ASEAN Beat

Vietnam-EU Security Ties in Focus with Defense Visit

A recent interaction spotlighted some of the ongoing activity within the defense aspect of the relationship.

Prashanth Parameswaran
Vietnam-EU Security Ties in Focus with Defense Visit
Credit: Wikimedia Commons

Last week, a high-ranking Vietnamese delegation paid a visit to Brussels. The scheduled trip highlighted ongoing attempts by both sides to continue collaboration in the security realm despite the lingering challenges in advancing ties on this front.

As I have observed before in these pages, while Vietnam has long had ties with select European states, ties between Hanoi and the European Union as a bloc have gotten greater traction over the past few years, with a Partnership and Cooperation Agreement signed in 2012 and taking effect in 2016 laying the framework for the relationship.

As this has occurred, there has been a focus on opportunities in the security realm as well despite lingering challenges including those related to Vietnam’s human rights record. Security collaboration has proceeded in areas such as the EU’s provision of expertise, equipment, and funding in areas like peacekeeping, and there has been talk about other advances as well including Vietnam becoming an EU official partner on defense cooperation through the inking of a Joint Vision Statement on Defense and a memorandum of understanding on bilateral defense cooperation between the two sides.

That has continued on over the past year or so. Indeed, just last month, the visit of Deputy Secretary General of the European External Action Service Jean-Christophe Belliard to Vietnam saw both sides discuss some issues in the security realm, with notable points of discussion by both sides including more visits by naval ships of EU countries to Vietnam, assistance in the training of interpreters for Hanoi during its holding of the ASEAN chairmanship in 2020, and Vietnam’s attendance at the meeting of the EU defense chiefs scheduled for May in Brussels, following Vietnam’s inaugural participation in the European Union Military Committee meeting last year.

This week, this aspect of ties was in the headlines again with the aforementioned scheduled visit of a high-ranking Vietnamese delegation to Brussels. The delegation, led by Deputy Defense Minister Nguyen Chi Vinh, was on a trip from May 19-22 that was tied to the meeting of the EU Chief of Defense at the invitation of the Chairman of the EU Military Committee Claudio Graziano.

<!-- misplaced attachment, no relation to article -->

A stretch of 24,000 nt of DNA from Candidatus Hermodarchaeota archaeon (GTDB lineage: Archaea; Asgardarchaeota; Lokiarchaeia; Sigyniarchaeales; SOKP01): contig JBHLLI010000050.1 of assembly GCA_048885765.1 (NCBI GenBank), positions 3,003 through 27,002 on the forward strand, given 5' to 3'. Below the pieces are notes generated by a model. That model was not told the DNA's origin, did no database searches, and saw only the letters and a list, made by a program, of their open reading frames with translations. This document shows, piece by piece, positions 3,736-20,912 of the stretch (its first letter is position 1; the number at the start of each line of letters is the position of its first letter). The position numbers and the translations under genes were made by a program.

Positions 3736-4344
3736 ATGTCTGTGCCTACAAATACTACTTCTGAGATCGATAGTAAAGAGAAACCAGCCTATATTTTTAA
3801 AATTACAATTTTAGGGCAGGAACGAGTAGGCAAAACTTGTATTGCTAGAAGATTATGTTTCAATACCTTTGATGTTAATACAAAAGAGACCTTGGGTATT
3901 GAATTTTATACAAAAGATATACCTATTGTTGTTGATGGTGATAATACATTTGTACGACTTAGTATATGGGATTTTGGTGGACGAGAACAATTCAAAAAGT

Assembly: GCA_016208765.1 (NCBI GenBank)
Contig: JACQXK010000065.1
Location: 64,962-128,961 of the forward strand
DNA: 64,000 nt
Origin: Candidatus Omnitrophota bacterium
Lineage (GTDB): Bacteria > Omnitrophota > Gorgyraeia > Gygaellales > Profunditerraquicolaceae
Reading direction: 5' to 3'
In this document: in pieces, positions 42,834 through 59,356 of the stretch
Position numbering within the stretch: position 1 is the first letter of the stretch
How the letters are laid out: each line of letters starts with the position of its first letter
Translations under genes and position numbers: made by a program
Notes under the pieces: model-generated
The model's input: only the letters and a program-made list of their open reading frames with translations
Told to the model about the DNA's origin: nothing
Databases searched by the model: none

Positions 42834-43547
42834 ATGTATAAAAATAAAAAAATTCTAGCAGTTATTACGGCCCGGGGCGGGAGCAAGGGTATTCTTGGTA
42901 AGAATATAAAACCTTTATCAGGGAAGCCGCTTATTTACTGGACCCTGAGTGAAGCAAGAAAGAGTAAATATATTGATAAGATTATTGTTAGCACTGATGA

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Per the official account of the visit by Vietnam’s defense ministry, the Vietnamese defense delegation participated in discussions at the meeting on various aspects, including non-combat training missions and Single European Sky – an ongoing effort within Europe to better manage the region’s air traffic management system – as well as shared Vietnam’s experiences on various subjects including peacekeeping.

The visit was also an opportunity for both sides to discuss the current status and future evolution of the Vietnam-EU defense relationship as well as broader developments of mutual interest. During the trip, the Vietnamese delegation held a working session with Graziano, where they discussed aspects of this, prospects for further collaboration in areas such as peacekeeping and foreign language training, and Vietnam’s candidacy for a non-permanent seat at the UN Security Council.

Both sides also addressed the issue of how to further develop institutionalized cooperation in the defense realm, amid ongoing challenges as well as specifics that remain to be worked out. The discussions centered on familiar agenda items that have been discussed previously in this regard, including a framework participation agreement to formalize Vietnam’s participation in crisis management activities of the EU and a memorandum of understanding on EU-Vietnam defense relations.

To be sure, this visit was just the latest between the two sides, and is only part of ongoing efforts to develop the defense aspect of the relationship. Nonetheless, it did reinforce both sides’ commitment to trying to advance security collaboration in spite of the challenges that remain and amid the other ongoing developments in their domestic and wider foreign policies.